3 Up, 3 Down – August 17, 2020
Every week that we have baseball this season, and enjoy every single one because it could disappear at any given moment, I will be taking note of the three hottest Orioles and the three coldest.
(You can discuss this on the BSL board here.)
Anthony Santander – .360/.429/.960 (1.389), 7 R, 3 doubles, 4 HR, 8 RBI, 25 AB
The major league leader in RBI is playing right field (and quite well by the way according to Baseball Savant’s metrics) everyday for your contending 2020 Baltimore Orioles. No that isn’t fan fiction. Santander doesn’t have the highest OPS on the team (hes actually fifth behind Pedro Severino, Renato Nunez, Jose Iglesias, and Chance Sisco) but he does lead the team in WAR and homeruns against three time Cy Young winner Max Scherzer. He hit two of them on Sunday against the defending World Series champion Washington Nationals’ ace, the second one a majestic blast on Eutaw Street to tie the game in the seventh inning. Unfortunately the defense would let the team down an inning later but Santander has become the Orioles most feared and reliable hitter. He hits the ball hard (90 mph exit velocity, three mph higher than the MLB average) and has increased his launch angle by six degrees so far this year. He is above average in every metric on Baseball Savant other than sprint speed (46th percentile, about average). The only thing missing is walks which is what keeps his on base percentage lower than you would like from your second hitter in the lineup. Hopefully as his power gets more respect over time he will be more patient on balls out of the strike zone like Renato Nunez has been able to do so far this season.
Pedro Severino – .364/.364/.682 (1.045), 3 R, 1 double, 3 HR, 10 RBI, 22 AB
Who would have guessed that the first player to appear on this list twice would be Pedro Severino? It is especially impressive considering he is a catcher that gets more days off than the other everyday players in the lineup. He leads the team in OPS (technically Chance Sisco does but only over 28 at bats) and had 10 RBI this week which puts him tied for seventh in the American League with 18 overall. Hes hitting for average and power despite being in the bottom sixth percentile in exit velocity and 24th percentile in hard hit percentage. He must be hanging out with Hanser Alberto. But he is getting the barrel on the ball more than the average hitter. Surprisingly he has been much worse than Sisco at framing pitches (12th percentile) but there is no doubt he is still the more reliable defender behind the plate. We’ll see how he fares the rest of the season now that he won’t have his former team to punish for letting him go.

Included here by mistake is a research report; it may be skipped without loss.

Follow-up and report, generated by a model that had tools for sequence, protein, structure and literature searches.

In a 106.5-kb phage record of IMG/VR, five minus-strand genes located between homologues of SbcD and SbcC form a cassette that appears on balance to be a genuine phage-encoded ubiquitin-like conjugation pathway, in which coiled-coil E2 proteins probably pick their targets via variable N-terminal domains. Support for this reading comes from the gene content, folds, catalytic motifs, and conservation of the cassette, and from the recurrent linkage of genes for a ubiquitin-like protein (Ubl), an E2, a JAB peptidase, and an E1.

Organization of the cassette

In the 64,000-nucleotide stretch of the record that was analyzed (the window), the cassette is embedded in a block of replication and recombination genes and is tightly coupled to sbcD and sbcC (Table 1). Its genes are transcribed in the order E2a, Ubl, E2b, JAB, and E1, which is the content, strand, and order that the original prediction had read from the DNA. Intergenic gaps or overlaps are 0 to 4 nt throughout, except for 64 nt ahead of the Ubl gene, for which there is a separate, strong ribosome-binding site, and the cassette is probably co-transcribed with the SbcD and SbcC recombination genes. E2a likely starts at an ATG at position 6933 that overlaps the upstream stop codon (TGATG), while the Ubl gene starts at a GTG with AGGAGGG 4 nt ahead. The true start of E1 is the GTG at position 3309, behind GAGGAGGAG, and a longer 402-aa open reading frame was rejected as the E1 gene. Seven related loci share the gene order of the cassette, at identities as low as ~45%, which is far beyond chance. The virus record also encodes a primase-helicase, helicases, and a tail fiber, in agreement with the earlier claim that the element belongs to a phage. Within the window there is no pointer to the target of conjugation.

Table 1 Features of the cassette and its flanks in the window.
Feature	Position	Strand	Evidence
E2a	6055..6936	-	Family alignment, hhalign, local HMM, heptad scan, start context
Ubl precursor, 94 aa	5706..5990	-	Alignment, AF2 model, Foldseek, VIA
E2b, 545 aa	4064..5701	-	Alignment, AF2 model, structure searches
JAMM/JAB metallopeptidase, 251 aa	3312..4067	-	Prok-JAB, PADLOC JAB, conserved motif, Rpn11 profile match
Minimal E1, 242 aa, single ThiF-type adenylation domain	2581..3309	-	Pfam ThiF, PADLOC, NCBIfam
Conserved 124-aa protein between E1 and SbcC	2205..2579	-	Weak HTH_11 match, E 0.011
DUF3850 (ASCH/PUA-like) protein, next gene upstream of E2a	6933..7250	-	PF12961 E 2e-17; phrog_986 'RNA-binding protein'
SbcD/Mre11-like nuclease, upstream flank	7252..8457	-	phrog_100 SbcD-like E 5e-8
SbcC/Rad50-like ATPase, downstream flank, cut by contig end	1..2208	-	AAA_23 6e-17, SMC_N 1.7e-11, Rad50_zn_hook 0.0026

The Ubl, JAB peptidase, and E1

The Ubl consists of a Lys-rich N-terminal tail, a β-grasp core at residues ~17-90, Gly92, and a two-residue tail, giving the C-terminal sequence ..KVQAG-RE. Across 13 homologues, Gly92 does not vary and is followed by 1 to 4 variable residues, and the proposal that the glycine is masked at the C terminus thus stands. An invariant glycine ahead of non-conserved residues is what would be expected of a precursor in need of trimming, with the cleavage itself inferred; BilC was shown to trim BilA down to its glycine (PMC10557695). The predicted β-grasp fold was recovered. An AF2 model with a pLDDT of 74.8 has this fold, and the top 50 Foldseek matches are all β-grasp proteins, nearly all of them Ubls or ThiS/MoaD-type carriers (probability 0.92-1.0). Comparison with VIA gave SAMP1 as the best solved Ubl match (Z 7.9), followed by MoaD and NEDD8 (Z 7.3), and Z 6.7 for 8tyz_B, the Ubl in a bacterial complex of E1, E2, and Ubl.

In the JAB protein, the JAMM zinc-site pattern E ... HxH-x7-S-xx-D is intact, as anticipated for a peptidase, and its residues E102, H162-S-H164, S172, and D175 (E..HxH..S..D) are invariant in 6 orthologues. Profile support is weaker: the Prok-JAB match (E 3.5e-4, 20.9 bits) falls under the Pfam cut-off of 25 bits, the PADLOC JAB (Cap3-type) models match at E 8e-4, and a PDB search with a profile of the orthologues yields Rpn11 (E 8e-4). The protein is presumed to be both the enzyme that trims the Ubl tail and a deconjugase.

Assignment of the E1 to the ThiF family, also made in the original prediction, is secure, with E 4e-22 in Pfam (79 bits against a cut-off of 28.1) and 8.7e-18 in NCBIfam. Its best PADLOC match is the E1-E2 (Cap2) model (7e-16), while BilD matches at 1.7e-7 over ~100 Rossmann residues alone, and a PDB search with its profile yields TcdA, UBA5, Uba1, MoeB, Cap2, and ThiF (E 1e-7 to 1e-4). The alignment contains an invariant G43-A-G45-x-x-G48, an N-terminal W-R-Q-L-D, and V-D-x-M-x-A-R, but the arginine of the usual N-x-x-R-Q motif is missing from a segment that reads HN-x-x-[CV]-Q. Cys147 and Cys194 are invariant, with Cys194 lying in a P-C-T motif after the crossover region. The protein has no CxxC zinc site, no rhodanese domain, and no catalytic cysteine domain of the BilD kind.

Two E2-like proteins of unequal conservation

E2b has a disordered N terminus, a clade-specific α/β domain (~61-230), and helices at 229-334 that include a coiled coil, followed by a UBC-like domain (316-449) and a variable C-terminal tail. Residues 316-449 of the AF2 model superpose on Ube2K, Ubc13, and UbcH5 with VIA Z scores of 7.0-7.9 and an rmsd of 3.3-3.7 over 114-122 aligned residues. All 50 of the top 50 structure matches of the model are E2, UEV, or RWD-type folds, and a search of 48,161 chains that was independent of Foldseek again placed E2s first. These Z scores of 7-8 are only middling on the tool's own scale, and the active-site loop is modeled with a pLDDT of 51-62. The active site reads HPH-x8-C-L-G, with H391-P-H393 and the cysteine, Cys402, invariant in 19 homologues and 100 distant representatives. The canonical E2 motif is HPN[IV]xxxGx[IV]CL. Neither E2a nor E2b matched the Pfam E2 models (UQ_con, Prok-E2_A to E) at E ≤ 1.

Tanner Scott – 0-0, 0.00 ERA, 2.1 IP, 0 H, 3 K, 1 BB, 0.43 WHIP
Orioles fans have been hearing Tanner Scott’s name as a possible future closer for a long time now. He has an electric two pitch arsenal that elicits a high percentage of swings and misses between his 96 mph fastball and wipe out slider. The problem has always been that it appears he has no idea where the ball is going especially in pressure filled situations. So far in 2020 it looks like he might be finally cashing in on his potential. He has a 1.13 ERA over 8 innings, most of which have been high leverage scenarios for a surprisingly winning team. He is still walking more batters than the average pitcher but hes not falling apart and his stuff has been good enough to make up for it. His slider has always been a weapon but it looks like hes more comfortable throwing it in any count right now. He has an elite 92% ground ball percentage (around 50% in 2018-2019) which could be a result of his fastball having an increased spin rate. The walks might keep him out of the closers role but hes proving that he could be a reliable lefty arm that can get out the opposition’s best hitters, reminiscent of an Andrew Miller or a poor man’s Zack Britton.